Mr. Vampire returns home from his business trip and is not pleased to find out his wife murdered The Contractor. However, when Chief One-hand comes snooping around, Mr. Vampire helps her lie to the chief and then later helps dispose of the body and the truck (ditching the truck in the woods and making it look like The Contractor was attacked by wolves). However, he later scolds her, warning her that her actions could blow their cover and jeopardize their custody of their adopted daughter.
Chief One-hand is immediately suspicious of the Vampire family, but no one seems to take his hunch too seriously. The developer of The Gates advises him to drop it, lest he upset the town council. The chief’s request for a warrant to search the Vampire’s property is also denied. So, following the clichéd cop story handbook, Chief One-hand goes rogue and searches their property on his own. Mr. Vampire catches him and One-hand claims he had a report of a prowler on the loose. Mr. Vampire is unconvinced.
Meanwhile, Charlie One-hand adjusts to life at his new high school. Following in a long and storied cinematic tradition, his teacher has conveniently tailored his lesson plan so that it directly relates to the plot of the show. In this case, the teacher has the class reading Flannery O’Connor, which facilitates a class discussion about blending in with society when saddled with a deformity. Charlie talks about O’Connor’s battle with lupus (which, he tells us, is Latin for “wolf”) and argues that O’Connor believes that appearances matter and that assimilation is important.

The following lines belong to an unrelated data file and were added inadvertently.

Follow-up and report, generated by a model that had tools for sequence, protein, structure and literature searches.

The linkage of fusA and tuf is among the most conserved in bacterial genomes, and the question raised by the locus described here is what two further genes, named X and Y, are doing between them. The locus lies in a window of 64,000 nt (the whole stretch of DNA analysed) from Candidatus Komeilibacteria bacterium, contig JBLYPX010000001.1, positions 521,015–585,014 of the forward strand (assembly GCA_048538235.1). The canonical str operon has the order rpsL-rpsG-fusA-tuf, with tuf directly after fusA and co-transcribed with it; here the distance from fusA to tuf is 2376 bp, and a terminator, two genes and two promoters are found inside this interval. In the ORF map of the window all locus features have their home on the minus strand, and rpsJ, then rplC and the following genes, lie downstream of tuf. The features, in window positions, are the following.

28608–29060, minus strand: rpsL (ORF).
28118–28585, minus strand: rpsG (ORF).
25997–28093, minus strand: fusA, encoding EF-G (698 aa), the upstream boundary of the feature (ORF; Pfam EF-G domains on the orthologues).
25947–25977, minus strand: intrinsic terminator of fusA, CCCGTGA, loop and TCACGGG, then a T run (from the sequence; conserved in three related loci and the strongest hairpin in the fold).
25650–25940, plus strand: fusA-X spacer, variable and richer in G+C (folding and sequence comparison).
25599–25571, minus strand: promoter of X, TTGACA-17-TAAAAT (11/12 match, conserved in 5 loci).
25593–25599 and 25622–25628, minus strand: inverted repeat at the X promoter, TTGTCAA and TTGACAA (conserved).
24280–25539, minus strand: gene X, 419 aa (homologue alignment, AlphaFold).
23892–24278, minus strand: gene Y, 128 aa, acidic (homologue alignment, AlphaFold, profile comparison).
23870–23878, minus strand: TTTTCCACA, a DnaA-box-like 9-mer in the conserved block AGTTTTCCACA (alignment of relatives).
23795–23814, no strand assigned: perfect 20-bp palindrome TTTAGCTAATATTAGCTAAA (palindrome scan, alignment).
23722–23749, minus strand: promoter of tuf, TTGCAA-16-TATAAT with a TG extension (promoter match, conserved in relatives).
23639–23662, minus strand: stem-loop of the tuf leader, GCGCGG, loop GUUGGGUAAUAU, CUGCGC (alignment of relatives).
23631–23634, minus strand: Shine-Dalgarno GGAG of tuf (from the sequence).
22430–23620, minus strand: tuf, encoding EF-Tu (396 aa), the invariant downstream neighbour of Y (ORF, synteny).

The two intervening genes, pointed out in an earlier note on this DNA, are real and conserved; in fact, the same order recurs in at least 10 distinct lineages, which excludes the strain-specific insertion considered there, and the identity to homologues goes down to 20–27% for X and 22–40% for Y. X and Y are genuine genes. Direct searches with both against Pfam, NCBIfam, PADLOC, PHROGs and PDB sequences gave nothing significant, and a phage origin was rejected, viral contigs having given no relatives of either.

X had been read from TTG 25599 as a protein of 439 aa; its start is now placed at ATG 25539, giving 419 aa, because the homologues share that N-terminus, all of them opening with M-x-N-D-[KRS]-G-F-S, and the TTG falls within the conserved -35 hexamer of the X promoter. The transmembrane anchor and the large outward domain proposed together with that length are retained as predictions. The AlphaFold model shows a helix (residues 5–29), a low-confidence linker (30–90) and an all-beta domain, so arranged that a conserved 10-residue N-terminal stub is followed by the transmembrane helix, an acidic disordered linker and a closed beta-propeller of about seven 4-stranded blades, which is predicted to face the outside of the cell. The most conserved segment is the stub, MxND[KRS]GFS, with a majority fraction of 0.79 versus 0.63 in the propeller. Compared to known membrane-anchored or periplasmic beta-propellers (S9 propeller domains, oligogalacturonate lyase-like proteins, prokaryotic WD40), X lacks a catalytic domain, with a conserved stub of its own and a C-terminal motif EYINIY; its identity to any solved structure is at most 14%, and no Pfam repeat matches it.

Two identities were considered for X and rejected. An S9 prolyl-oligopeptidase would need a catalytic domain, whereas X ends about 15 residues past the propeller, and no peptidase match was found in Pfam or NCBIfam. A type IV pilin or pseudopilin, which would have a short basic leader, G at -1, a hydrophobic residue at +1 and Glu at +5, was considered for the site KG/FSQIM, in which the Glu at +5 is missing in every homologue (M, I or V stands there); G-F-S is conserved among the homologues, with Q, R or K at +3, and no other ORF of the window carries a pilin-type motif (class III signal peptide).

Charlie’s comments impress one of his female classmates. She tracks him down after class and convinces him to join Mock Trial. Sticking to the clichéd plot handbook, she too is an outsider in town who is nonplussed about living in The Gates. She quickly falls for Charlie’s good looks and sensitivity, but she is of course already dating a meathead jock (who also happens to be a werewolf). Meathead Jock immediately hates Charlie and gets jealous of the way his gal fawns over him. Before long, Outsider Girl convinces Charlie to help her test out a lie detector (don’t ask), which reveals Charlie’s secret crush on her. Meathead Jock, who is apparently a human lie detector, studies her pupils and body language to uncover her feelings for Charlie.
Meathead Jock naturally wants to go all “Teen Wolf” on Charlie, but another one of the werewolf boys in the neighborhood talks him out of it. This other werewolf also tries to talk Meathead into joining his wolf pack, but he politely declines.